"Big Game Hunting" — Utah Practicing Fluidity Ahead of Potentially Big Offseason

Ryan Kostecka
Digital Content Writer

Make no mistake, Danny Ainge has been here before. 

Back in 2007, when Ainge was executive director of Basketball Operations for the Celtics, Boston was at a crossroads. Armed with a star in Paul Pierce, the Celtics were on their way to a 24-58 record (their second straight losing season) and had no clear path moving forward — or at least that's what many believed. 

"We lost 19 games in a row in 2007, and our plan was [to draft] Kevin Durant. … But when the lottery came around, we got knocked back three spots to number five, and our plan changed immediately," Ainge recalled. 

With the chance of landing a generational star gone, Ainge and his staff remained fluid and pivoted. 

"We were able to eventually land Ray Allen and Kevin Garnett, which were never available before that moment in time. … We were there, and we were ready," Ainge added. "It took a lot of good fortune."

The result was Boston's 17th title in franchise history the following season. Their 42-win improvement from the previous was the single most dramatic change in league history and earned Ainge the Executive of the Year award. 

Ainge had a chance to reflect on his time with Boston when he met with the media on Tuesday afternoon as part of his end-of-season media availability. When asked about the parallels between that time in Boston and the present with the Jazz, he was quick to note that while there are similarities, the key to everything is remaining fluid, with multiple paths to choose from.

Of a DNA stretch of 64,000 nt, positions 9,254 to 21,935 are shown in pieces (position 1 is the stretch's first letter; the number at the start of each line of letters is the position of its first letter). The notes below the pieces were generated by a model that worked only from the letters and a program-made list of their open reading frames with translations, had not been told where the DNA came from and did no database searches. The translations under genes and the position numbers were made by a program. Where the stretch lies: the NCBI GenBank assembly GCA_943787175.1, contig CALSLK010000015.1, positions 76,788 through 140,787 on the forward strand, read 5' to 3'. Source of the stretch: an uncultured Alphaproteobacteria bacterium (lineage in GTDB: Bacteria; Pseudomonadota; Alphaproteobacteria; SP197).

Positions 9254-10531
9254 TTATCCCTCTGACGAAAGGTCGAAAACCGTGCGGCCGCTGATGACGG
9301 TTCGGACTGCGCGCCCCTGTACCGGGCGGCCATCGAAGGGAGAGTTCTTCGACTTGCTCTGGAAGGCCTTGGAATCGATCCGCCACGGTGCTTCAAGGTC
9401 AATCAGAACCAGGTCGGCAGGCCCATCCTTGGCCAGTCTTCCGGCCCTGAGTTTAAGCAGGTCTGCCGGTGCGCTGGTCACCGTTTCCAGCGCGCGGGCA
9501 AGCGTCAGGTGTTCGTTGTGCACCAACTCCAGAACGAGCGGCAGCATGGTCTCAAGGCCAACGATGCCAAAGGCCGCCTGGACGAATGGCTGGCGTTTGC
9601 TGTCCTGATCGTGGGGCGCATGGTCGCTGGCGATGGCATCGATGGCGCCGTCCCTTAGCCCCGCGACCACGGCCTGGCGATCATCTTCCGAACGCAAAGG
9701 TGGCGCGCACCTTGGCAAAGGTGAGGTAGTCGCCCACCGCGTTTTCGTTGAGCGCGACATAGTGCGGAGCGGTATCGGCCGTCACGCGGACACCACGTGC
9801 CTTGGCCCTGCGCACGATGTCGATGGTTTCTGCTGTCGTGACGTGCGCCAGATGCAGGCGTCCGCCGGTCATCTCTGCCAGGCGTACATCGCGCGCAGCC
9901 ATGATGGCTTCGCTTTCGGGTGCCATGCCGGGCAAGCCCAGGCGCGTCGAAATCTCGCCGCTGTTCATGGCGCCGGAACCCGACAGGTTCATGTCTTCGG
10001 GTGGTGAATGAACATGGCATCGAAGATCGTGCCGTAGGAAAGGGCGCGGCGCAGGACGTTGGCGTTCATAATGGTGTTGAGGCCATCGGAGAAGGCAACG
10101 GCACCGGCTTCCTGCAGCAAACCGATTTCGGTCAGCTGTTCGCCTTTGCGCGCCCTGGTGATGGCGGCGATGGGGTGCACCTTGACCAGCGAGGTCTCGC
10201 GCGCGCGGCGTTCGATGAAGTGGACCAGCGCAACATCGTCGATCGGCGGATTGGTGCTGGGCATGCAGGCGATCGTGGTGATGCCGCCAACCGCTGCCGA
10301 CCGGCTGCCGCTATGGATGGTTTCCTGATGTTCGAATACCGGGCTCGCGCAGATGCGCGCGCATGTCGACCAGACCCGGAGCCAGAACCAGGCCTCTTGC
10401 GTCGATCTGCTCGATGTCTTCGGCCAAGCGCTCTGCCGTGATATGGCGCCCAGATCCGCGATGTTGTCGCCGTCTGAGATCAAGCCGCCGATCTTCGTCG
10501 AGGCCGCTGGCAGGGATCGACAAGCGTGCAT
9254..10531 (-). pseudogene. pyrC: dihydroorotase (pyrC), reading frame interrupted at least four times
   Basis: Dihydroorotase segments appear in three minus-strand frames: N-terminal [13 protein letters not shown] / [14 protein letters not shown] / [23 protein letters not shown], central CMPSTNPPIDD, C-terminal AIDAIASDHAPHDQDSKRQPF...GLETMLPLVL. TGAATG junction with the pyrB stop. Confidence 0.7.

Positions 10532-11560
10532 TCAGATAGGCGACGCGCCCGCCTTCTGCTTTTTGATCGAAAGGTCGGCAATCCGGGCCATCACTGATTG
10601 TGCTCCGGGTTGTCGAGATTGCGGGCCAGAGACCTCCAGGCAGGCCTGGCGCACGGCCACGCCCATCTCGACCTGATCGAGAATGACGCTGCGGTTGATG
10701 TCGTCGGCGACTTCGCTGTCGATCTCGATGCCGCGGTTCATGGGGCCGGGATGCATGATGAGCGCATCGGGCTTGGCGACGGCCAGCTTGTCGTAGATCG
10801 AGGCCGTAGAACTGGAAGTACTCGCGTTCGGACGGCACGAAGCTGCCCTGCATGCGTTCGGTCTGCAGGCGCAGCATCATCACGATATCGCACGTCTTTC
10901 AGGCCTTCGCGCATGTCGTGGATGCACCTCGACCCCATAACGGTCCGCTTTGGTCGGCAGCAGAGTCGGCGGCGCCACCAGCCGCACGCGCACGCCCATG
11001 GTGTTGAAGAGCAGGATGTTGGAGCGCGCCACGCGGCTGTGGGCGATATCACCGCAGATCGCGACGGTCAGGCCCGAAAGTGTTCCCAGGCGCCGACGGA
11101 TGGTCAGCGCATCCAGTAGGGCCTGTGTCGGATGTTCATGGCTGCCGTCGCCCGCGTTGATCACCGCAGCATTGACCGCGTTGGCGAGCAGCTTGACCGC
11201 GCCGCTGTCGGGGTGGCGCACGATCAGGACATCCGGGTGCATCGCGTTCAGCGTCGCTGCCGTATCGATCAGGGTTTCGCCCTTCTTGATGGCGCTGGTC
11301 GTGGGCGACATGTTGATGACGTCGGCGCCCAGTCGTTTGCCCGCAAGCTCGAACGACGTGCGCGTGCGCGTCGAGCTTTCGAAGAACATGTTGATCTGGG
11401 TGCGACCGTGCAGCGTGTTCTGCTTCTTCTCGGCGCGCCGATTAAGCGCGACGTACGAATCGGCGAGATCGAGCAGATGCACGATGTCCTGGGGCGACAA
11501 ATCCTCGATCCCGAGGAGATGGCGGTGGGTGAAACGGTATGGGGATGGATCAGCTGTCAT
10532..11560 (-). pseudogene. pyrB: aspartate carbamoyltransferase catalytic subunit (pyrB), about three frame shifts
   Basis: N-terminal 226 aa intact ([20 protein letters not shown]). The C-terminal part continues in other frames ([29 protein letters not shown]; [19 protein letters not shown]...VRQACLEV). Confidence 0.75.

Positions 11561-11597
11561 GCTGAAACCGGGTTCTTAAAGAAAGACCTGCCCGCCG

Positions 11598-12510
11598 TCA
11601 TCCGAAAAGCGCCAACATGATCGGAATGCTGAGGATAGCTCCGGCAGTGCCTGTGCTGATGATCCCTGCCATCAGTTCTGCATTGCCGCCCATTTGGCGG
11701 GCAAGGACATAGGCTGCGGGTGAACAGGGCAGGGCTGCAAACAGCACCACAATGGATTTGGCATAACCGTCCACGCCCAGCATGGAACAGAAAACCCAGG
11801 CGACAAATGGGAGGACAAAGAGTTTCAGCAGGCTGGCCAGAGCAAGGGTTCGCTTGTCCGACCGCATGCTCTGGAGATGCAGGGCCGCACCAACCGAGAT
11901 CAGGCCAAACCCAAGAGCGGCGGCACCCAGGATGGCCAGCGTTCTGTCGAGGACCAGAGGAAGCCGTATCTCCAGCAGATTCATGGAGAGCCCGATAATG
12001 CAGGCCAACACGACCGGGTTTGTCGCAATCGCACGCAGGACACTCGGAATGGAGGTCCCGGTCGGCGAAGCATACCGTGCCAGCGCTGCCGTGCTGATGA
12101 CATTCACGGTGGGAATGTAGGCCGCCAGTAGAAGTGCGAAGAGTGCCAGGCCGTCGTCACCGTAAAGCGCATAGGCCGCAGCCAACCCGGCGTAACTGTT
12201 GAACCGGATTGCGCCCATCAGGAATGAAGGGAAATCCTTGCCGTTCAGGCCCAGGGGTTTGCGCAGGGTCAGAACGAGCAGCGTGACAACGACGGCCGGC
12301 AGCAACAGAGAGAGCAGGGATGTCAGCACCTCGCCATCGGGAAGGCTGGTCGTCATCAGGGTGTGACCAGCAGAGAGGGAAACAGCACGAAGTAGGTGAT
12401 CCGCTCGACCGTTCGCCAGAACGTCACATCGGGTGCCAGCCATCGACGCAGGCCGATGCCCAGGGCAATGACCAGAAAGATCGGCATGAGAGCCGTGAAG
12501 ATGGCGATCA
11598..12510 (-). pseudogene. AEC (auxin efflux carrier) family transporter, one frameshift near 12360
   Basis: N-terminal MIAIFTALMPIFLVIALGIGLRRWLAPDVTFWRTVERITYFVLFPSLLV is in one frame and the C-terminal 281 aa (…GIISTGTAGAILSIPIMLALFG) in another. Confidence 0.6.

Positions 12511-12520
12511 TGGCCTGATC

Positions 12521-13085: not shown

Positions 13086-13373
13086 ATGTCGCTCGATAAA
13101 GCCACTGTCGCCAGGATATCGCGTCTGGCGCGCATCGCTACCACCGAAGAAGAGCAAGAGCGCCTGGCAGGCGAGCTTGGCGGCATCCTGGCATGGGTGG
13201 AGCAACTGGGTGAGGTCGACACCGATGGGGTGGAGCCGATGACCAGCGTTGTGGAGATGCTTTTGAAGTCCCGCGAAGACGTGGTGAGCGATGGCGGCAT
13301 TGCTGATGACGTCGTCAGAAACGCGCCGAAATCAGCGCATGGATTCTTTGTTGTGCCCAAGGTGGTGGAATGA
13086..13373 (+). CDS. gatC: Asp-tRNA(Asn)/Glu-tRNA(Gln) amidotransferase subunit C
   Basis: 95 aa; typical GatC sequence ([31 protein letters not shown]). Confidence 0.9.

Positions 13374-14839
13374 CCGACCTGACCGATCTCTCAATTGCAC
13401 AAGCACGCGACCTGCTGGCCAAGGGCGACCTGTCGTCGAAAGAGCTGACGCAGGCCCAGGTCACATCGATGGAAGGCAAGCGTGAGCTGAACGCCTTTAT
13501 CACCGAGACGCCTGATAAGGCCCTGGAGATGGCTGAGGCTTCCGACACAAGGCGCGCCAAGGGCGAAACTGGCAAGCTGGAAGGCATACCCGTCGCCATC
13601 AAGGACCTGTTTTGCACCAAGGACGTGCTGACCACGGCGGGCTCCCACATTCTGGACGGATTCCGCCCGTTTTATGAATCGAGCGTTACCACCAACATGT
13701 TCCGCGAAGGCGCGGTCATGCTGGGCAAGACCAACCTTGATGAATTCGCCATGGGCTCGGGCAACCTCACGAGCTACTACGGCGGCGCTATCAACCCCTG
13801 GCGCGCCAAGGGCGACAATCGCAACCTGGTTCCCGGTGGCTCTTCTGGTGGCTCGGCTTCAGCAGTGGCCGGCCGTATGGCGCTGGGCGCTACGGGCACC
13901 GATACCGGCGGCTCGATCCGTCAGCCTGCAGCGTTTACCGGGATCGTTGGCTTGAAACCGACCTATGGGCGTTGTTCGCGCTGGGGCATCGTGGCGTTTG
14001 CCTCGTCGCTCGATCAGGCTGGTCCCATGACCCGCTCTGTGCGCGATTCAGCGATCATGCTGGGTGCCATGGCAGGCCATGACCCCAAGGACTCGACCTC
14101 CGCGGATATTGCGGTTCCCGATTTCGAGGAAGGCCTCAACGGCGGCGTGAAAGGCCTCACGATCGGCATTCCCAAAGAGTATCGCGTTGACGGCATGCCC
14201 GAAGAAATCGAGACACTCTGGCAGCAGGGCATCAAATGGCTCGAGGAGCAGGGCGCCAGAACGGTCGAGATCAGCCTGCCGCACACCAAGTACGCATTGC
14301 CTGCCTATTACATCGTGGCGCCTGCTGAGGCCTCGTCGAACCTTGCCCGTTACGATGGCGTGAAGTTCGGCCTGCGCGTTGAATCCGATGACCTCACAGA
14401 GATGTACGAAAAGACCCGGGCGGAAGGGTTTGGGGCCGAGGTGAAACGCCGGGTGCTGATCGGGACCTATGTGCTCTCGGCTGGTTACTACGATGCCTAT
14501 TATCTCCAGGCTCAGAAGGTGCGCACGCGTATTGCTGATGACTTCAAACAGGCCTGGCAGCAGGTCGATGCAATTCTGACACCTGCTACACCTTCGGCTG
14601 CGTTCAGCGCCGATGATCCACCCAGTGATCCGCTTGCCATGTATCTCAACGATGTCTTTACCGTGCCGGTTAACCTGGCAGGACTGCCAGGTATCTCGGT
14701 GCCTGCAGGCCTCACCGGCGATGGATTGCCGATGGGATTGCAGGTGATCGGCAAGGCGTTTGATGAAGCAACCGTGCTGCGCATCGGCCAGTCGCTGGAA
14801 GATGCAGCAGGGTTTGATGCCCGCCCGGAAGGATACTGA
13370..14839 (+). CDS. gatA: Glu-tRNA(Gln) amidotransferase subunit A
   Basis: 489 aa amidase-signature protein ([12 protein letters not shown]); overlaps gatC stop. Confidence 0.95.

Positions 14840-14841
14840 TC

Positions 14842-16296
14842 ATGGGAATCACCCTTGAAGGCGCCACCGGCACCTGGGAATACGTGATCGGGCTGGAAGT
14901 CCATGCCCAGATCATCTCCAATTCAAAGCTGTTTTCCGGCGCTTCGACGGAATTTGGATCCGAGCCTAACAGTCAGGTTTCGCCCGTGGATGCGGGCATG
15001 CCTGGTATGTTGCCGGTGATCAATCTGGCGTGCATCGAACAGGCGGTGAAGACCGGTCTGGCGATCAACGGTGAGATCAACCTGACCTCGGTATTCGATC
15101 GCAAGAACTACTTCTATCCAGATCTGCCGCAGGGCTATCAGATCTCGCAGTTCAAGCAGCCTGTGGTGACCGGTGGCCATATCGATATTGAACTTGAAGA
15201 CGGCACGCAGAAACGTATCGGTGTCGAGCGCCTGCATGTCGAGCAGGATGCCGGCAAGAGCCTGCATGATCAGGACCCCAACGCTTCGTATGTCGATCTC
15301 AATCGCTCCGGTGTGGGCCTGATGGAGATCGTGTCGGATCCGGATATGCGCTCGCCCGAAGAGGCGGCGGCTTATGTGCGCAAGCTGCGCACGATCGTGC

"I think that our objective is to find a player or two, and we're ready to roll. … We're ready to go big game hunting, and that hasn't happened the last two years," Ainge said. "Our mindset is that we're doing only what we can to try to win. … That's our only objective until we get to July."

But just because the Jazz have a plan moving forward, that doesn't guarantee it will go perfectly. Will somebody emerge in the upcoming draft? Will a star player become available? Either of these options—and a significant number of others—could see Utah go in multiple directions.

"Everybody wants this plan, including [Jazz owner] Ryan [Smith]. … Ryan loves a plan, he's a tech guy, he's got a plan," Ainge said. "I wish basketball were that way, I wish we could just organize and plan it. … But that's not how basketball works. If we don't land anything, we don't make any deals, then our direction could change at that moment, and we'll wait until the next time we can try to build a roster."

With three picks in the upcoming draft, Ainge quickly noted that an ideal scenario for the team wouldn't be to enter training camp super young. Utah already has three 20-year-olds on the roster and Walker Kessler, a 22-year-old center — not to mention a handful of youngsters who could figure into future plans.

"Our plan is not to come to our training camp with six kids under 20. … That's not a real good option for anybody," he said.

While that may seem like Utah is guaranteed to make a move, Ainge believes that will only happen if the right player and situation come forth — and it nearly has on at least one occasion. 

"We're trying to find good players," he said. "That's our objective. We've been close. … We felt like we've been close once to a move in this process that would have changed the dynamic of our team immediately and the direction. There's no guarantees in this business at all. … That's why you can't just have a plan. Those things work out, but you put yourself in a position to do that."

It sounds as if the only guarantee Ainge and the organization can give the fans is that everything is on the table. There's clearly a plan to be much more competitive next season, but that doesn't guarantee something will happen. 

Buckle up, Jazz Nation; it's just the beginning.